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Project Spotlight: Penn Station Service Center

Beneath the streets of New York, under the historic Penn Station Service Building, lies a complex network of plumbing systems dating back to the building’s construction in 1908. Designed by Charles McKim and William Symmes Richardson, this infrastructure served a variety of essential functions for the bustling transportation hub.

Among the complex power systems are water mains, ranging in size and material composition, which supplied water for various purposes such as drinking, sanitation, and firefighting. Now the Penn Service Station is part of the massive rennovations as part of the “Penn District” overhaul that Helm BIM is proud to take part in.  

Given the age of the infrastructure and the continuous development of the city, these plumbing systems have undergone modifications, repairs, or upgrades over the years to adapt to changing needs and technologies. The presence of such systems beneath the Penn Station Service Building underscores the critical role they play in supporting the city’s infrastructure and daily operations.


As Helm BIM conducts their evaluation and proposes modifications to these plumbing systems, they must consider the historical context, existing conditions, and the intricate interconnections between different utilities to ensure the integrity and functionality of the infrastructure beneath one of New York City’s iconic landmarks.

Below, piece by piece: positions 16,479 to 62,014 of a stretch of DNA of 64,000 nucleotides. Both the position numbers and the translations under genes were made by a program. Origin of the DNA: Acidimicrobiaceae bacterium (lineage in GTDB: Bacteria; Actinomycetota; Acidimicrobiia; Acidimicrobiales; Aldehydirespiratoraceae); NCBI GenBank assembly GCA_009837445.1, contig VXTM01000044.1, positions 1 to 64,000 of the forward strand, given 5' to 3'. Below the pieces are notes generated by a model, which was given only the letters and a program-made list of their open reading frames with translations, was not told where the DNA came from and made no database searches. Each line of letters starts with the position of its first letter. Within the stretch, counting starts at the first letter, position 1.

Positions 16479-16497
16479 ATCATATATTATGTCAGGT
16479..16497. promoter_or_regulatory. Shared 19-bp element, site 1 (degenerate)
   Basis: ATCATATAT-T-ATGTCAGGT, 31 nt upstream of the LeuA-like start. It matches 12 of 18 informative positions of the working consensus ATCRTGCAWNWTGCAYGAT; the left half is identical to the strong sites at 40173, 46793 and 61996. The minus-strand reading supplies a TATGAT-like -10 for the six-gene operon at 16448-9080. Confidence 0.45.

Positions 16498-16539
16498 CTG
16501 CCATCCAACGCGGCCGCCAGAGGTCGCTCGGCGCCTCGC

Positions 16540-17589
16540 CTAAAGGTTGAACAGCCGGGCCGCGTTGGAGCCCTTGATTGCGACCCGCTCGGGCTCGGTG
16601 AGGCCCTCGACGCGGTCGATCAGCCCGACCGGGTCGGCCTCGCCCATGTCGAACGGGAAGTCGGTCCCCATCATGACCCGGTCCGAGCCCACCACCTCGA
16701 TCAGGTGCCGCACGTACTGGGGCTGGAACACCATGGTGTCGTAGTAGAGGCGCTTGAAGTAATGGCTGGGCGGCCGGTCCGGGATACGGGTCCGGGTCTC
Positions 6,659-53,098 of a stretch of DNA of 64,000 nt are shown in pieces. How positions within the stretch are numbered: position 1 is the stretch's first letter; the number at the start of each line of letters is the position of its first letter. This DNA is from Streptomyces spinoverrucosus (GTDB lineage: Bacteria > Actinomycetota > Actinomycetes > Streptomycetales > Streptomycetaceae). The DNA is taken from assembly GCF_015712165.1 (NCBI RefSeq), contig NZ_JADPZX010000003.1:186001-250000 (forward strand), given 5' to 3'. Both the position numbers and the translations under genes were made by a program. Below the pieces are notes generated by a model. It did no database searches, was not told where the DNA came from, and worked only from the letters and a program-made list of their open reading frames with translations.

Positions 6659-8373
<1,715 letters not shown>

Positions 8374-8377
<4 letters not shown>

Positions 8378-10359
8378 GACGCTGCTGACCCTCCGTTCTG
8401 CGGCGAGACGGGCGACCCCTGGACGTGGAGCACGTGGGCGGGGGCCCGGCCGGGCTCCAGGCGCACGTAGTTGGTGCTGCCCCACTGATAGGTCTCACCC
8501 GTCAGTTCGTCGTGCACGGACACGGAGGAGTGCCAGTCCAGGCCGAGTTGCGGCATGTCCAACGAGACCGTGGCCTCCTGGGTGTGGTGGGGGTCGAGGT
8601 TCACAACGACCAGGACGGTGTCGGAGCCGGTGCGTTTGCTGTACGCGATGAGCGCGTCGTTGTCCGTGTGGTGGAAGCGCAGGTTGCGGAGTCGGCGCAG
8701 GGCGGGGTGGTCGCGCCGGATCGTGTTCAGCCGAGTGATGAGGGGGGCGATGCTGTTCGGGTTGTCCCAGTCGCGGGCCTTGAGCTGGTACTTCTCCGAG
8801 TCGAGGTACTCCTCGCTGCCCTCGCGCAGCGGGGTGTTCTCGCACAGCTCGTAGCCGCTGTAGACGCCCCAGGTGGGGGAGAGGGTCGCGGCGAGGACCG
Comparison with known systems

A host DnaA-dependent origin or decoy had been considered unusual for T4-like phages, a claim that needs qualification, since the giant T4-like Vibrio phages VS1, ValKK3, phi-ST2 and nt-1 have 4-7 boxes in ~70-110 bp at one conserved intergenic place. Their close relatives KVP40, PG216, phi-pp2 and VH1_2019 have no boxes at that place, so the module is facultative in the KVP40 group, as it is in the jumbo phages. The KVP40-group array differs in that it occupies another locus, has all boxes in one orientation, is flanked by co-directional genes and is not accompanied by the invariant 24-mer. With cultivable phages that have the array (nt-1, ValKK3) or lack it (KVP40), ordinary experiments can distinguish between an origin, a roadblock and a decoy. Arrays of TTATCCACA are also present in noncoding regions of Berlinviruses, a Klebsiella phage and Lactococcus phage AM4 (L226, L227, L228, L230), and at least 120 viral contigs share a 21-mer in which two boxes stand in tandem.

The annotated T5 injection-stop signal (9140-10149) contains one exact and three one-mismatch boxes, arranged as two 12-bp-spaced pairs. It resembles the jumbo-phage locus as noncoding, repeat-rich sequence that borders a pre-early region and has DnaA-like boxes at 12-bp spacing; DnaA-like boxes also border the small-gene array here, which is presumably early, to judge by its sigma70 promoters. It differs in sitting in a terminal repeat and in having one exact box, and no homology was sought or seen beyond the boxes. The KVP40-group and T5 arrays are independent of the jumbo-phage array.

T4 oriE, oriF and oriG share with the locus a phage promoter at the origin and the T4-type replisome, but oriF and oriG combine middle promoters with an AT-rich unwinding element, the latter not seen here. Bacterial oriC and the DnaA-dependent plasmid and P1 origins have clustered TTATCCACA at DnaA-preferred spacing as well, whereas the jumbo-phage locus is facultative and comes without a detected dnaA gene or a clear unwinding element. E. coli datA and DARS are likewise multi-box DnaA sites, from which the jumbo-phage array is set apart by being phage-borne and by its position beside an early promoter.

Helm BIM Steps

  1. 3D Laser Scan Existing Conditions – Helm 3D Laser Scanned the area beneath the Penn Station Service Center where the proposed plumbing work would take place. This included a mechanical room beneath the building on the west side where the two pipes would need to penetrate the building. Helm then scanned the path within the underground where the two 8-inch pipes should be run. The structural steel on the ceilings of this underground space were in poor condition which will require the new pipe to be held by ground supports.


         2. Analyzing 3D Modeling and Shop Drawings – Helm’s talented engineers and specialists analyze the layout using extracted data from various sources to create fine tuned BIM models  

                           i.          3D Existing Conditions Revit Model – Architectural and structural components

                          ii.          3D Model from Contract Drawing – Piping and existing equipment

                         iii.          Shop & Spool Drawings – Shop drawings for spooled pieces

3. 3D Model Evaluation & Recommendation – Helm processed the scan model and identified optimal routes for the proposed new water lines factoring in all the existing conditions. 

In conclusion, the work Helm BIM is undertaking beneath the Penn Station Service Building is not just about updating infrastructure; it’s about respecting history while adapting for the future. This intricate balance of modernization and preservation underlines the complexity and significance of maintaining New York City’s iconic landmarks. Stay tuned for more insights in this multi-post series, where we’ll delve deeper into the challenges, strategies, and technological innovations driving this essential project.